Korean-Style Veggie Pancakes (Pa Jun)

I had to try these after I read the description: “nearly addictive savory cakes…almost crêpelike in their crisp and chewy texture.” Once again, from How to Cook Everything Vegetarian by Mark Bittman. I made the dipping sauce, too, and I’m totally hooked. They remind me of the scallion pancakes from one of our favorite eateries near Boston.

One problem: I don’t know if I didn’t follow the cooking directions right, or if they need to be adjusted, but I had trouble getting the pancakes to cook through. They were delicous but a little too soft in the middle. When I ate the leftovers (just as good the next day) I baked them a little in the toaster oven, and the texture was perfect. I guess next time I’d just finish them in the oven for a few minutes at 350 or so.

The kids didn’t go for these. I mean, they do look kind of crazy to a kid, and my kids are (aren’t they all?) suspicious of wayward veggie chunks mixed into things like pancakes. I think my daughter (7) did take a bite, but it was just not her thing.

I’m making them again anyway! They were too good not to.

Get the recipe here. Below is the recipe for the dipping sauce:

Soy and Sesame Dipping Sauce, Korean Style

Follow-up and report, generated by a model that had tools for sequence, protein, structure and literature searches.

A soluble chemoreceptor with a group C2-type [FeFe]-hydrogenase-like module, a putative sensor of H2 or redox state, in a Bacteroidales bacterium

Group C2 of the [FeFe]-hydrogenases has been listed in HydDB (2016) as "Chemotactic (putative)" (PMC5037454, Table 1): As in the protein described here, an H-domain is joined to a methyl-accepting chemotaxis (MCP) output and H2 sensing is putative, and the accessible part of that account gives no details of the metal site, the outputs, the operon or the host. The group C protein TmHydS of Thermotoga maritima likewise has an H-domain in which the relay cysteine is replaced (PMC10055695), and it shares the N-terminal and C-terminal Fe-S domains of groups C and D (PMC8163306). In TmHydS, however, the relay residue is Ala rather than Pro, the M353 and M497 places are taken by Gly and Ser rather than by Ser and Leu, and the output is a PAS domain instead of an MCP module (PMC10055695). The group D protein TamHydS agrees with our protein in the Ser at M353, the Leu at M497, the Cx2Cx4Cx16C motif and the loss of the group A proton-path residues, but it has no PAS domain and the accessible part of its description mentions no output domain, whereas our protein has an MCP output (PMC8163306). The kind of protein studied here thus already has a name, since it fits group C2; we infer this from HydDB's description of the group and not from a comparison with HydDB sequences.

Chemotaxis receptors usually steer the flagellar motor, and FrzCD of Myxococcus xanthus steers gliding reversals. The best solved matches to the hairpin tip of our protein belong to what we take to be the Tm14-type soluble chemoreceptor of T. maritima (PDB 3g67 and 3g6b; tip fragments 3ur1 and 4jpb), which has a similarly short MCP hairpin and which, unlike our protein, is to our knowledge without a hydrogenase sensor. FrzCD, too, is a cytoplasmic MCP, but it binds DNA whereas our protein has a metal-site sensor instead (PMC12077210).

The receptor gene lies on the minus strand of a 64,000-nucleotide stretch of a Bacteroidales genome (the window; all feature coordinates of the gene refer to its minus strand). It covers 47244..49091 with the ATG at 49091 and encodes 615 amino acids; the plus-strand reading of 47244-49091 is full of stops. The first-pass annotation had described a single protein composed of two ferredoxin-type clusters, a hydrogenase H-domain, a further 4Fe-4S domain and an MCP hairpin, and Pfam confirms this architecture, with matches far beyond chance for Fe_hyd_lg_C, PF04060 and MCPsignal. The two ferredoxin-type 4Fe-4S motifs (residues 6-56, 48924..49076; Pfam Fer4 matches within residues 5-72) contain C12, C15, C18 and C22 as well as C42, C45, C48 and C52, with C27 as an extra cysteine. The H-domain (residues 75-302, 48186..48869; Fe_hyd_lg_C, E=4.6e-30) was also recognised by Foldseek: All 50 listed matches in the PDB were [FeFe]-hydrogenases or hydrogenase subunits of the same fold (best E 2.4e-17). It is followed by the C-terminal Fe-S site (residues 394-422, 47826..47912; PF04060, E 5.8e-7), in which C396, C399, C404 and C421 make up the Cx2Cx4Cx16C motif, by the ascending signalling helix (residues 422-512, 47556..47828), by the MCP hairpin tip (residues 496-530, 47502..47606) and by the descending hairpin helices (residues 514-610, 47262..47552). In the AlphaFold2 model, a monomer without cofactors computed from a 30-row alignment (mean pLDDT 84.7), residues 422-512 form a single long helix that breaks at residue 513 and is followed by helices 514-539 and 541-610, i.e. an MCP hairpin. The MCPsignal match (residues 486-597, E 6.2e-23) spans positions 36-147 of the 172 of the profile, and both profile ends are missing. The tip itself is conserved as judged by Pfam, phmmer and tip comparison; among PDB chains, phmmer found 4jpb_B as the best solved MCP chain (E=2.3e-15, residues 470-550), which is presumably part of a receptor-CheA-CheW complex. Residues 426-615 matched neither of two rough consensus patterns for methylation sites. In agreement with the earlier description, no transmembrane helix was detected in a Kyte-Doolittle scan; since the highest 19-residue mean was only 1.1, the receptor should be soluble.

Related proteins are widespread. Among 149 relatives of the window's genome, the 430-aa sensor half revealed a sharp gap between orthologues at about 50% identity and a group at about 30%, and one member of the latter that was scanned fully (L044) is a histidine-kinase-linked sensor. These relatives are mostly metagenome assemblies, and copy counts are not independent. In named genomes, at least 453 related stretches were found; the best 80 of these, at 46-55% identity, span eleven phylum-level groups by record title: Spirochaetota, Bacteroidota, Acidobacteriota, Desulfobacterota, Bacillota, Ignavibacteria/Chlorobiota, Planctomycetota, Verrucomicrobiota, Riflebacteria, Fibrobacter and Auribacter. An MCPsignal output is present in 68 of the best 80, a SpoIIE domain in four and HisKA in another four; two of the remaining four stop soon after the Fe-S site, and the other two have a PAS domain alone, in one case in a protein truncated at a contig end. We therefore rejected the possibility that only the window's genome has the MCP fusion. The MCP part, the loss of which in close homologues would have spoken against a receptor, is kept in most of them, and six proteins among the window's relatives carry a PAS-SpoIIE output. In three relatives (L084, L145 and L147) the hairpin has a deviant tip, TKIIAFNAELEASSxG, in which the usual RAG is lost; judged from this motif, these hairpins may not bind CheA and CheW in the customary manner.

from Mark Bittman’s How to Cook Everything Vegetarian

1/2 cup soy sauce

2 TBS rice vinegar

2 TBS dark sesame oil

1/4 cup toasted sesame seeds (whoops I forgot to toast mine but it was still great)

1 TBS sugar

2 large cloves garlic, minced

1 TBS peeled, minced fresh ginger (I think I cheated with good-quality powdered ginger)

1/4 cup minced scallions

Mix everything together and enjoy. Keeps up to 2 days in the fridge.

Also, I made this lemony lentil soup (pictured below) the other day from 101 cookbooks  and love loved it. Totally repeat-worthy. It’s very similar actually to Awanti’s Family-Friendly Dal, but the lemon and spinach give it a nice twist—also the Greek yogurt as a condiment is perfect.

I blended up the onions with the stick blender (at the same time you’re supposed to blend the lentils) so the kids wouldn’t see them. I served it to the kids without spinach (side of green beans instead) and one kid ate it and liked it, the other did not, but hey, he ate a bunch of fruit so I’m not going to quibble.

I have to try the Roasted Lemon Chutney on 101 cookbooks also. Sounds amazing. And the Barley Risotto on Mark Bittman’s site.

For other posts on trying (mostly) vegetarian recipes, see my “Food” category.

* I wonder if you could make this with all rice flour and make it gluten-free. If you’re a Hannover friend, you can find rice flour at the Thai shop on Ferdi-Walli or probably at any of the Asian shops around town.

Unrelated: I just read this excellent essay about creativity and silliness and faith here. So worth reading. Thank you to my sweet neighbor back in the U.S. for sending it my way.

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